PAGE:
The quote above is from one of my favorite comedians, Steven Wright. I’m not sure if he’s still performing, but he’s the dry humor guy with an extremely slow and unique delivery. He’s hilarious and his jokes are very clever. One of his jokes goes something like, “If you’re driving in space traveling at the speed of light and you turn your headlights on, does anything happen?” I remember this joke because when I first heard it instead of making me laugh, it made my head hurt! That’s exactly how I feel about financial markets these days and the global central bankers propping them up.
Over the weekend I thought some more about earnings season. Although it’s happened for several quarters now, I continue to be surprised stocks are holding up as well as they have. I’ll admit this market cycle has lasted longer than I expected. Given how expensive stocks have become, I believed once earnings began to decline, stocks that were priced for perfection would abruptly reverse once investors realized fundamentals were anything but perfect. After four consecutive quarters of earnings declines (soon to be five), that has not been the case.
While earnings season remains young, so far I’m not seeing sufficient evidence that would suggest a reinvigorated corporate earnings cycle. In fact according to FactSet, earnings for Q2 are expected to decline -5.5%. FactSet states, “If the index reports a decrease in earnings for the quarter, it will mark the first time the index has seen five consecutive quarters of year-over-year declines in earnings since Q3 2008 through Q3 2009.” The earnings cycle ended long ago, but the market cycle (second longest in history) marches on.
Why has there been such a large disconnect between fundamentals and valuations this cycle? We all know. It’s no secret global central banks have hijacked the financial markets with eight years of emergency monetary policies. Whether central banker policy is meant to create asset inflation, fund fiscal deficits, raise capital gains taxes, make 1-2x government debt to GDP affordable, or simply keep it together until the next policy maker comes into office, is all up for debate. What we do know is central banks have set interest rates and bond prices. This is undeniable. As a result, they have also interfered with the pricing mechanism of all asset prices. What asset class is not dependent on interest rates or their cost of capital? If the cost of capital of all asset classes is manipulated and untrue, isn’t information derived from asset prices misleading? I think so.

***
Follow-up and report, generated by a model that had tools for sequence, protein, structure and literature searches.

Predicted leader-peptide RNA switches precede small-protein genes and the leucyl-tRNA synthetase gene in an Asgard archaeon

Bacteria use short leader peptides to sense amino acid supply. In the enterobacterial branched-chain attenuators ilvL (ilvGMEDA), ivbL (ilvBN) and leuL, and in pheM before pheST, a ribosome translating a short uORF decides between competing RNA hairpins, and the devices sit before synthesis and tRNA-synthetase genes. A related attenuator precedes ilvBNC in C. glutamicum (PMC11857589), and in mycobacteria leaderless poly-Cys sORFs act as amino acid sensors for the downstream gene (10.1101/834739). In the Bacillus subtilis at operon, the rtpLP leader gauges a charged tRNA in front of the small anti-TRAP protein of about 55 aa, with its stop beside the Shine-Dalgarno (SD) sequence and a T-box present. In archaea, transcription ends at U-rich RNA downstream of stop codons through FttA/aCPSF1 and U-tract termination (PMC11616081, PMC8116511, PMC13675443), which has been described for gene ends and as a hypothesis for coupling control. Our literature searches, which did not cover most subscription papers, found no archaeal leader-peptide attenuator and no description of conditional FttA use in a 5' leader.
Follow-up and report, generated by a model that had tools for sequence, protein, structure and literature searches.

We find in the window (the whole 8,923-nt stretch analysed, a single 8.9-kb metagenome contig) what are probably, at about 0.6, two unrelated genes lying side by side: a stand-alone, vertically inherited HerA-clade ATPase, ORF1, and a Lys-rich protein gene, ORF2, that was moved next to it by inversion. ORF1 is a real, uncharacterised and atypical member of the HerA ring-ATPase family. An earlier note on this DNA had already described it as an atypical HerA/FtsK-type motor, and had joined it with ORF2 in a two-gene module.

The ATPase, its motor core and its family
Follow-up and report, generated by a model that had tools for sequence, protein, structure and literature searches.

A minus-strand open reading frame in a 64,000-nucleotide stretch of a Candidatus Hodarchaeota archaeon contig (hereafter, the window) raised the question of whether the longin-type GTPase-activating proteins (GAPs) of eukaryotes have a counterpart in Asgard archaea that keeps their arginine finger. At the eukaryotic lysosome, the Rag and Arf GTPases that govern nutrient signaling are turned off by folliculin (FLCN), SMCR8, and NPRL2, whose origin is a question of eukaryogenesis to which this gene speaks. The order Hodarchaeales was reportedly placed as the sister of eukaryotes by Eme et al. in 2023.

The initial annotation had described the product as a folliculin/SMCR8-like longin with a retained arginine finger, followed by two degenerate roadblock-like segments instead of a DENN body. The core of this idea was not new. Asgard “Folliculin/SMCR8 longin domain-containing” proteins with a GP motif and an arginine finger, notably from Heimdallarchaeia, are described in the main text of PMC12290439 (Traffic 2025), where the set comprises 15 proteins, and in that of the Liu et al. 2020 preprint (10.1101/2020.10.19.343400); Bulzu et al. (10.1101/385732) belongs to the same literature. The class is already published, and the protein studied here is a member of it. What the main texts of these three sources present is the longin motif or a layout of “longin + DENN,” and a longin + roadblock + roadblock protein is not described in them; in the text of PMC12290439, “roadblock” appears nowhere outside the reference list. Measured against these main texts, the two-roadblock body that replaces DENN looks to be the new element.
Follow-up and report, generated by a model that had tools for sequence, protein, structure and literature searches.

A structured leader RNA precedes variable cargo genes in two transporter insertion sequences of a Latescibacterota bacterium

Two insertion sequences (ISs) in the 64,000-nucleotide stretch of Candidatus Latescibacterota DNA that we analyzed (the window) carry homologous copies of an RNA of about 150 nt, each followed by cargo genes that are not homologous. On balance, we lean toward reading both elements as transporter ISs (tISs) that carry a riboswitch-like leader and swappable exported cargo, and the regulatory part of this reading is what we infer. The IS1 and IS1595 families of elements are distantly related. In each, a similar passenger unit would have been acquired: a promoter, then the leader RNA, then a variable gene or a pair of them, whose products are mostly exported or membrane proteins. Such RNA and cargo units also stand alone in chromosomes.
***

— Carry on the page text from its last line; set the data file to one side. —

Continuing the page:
I have a love-hate relationship with the Federal Reserve and central banks. I despise their interventionist policies. I believe capitalism and free markets are wonderful concepts if allowed to function properly. Current monetary policies and the temporary suspension of free markets truly make me sad. Over the past twenty years I’ve witnessed some very serious monetary policy errors along with three Fed-induced asset bubbles. While I was also upset about monetary policies during the tech and housing bubbles, I acknowledge I benefited from these imprudent policies as the asset bubbles eventually popped, creating massive dislocations between price and value (opportunity). Given my current positioning, I again expect to benefit once the Fed’s third bubble in only 17 years pops.
While I’m looking forward to future opportunities, for now it’s steady as she goes for rising asset prices. According to a July 21 Bloomberg article, the S&P 500 enjoyed its fourth weekly gain last week. Although companies continue to beat their spoon-fed earnings estimates, I believe actual operating results have been insufficient to drive stock prices higher. In my opinion, stock prices continue their march higher because of relentless global central bank policy, not fundamentals.
The Bloomberg article points to the catalyst of the current rally, “Expectations for lower rates or additional bond buying had sparked a three-week rally in global equities that added more than $4.5 trillion in value.” So much for the negative impact of Brexit. Not only did the unexpected Brexit not harm investors, it provided them with a $4.5 trillion bonus for misjudging its likelihood! In effect, Brexit provided central bankers with cover to keep policies extremely easy. So now not only do we have the central banker “put” on risk assets, investors now also receive free call options! Simply amazing. I miss free markets and I miss investing.
I don’t know what to call allocating capital in these markets, but I’m reluctant to call it investing. That’s a shame given the extraordinary amount of human capital being consumed by the investment management industry. If central banks fix asset prices how is this investing? If this isn’t investing, what is it? And if we all know prices are fixed and artificial, why are so many playing along? Where are the bond vigilantes for goodness sake? If you’re not going to be a bond vigilante now, when?
Absolute return investors need not worry. They aren’t required to play the game. The best game to play now, in my opinion, is patience, discipline, and preparedness. When policies fail, free markets and investing will return, along with another round of wonderful opportunities. Until then, let ‘er rip Yellen, Draghi and Abe. The crazier heights policies and prices reach, the more opportunities in the future for those of us not playing along. A final quote from Steven Wright to sum up the current investment environment and market cycle, “The early bird gets the worm, but the second mouse gets the cheese.”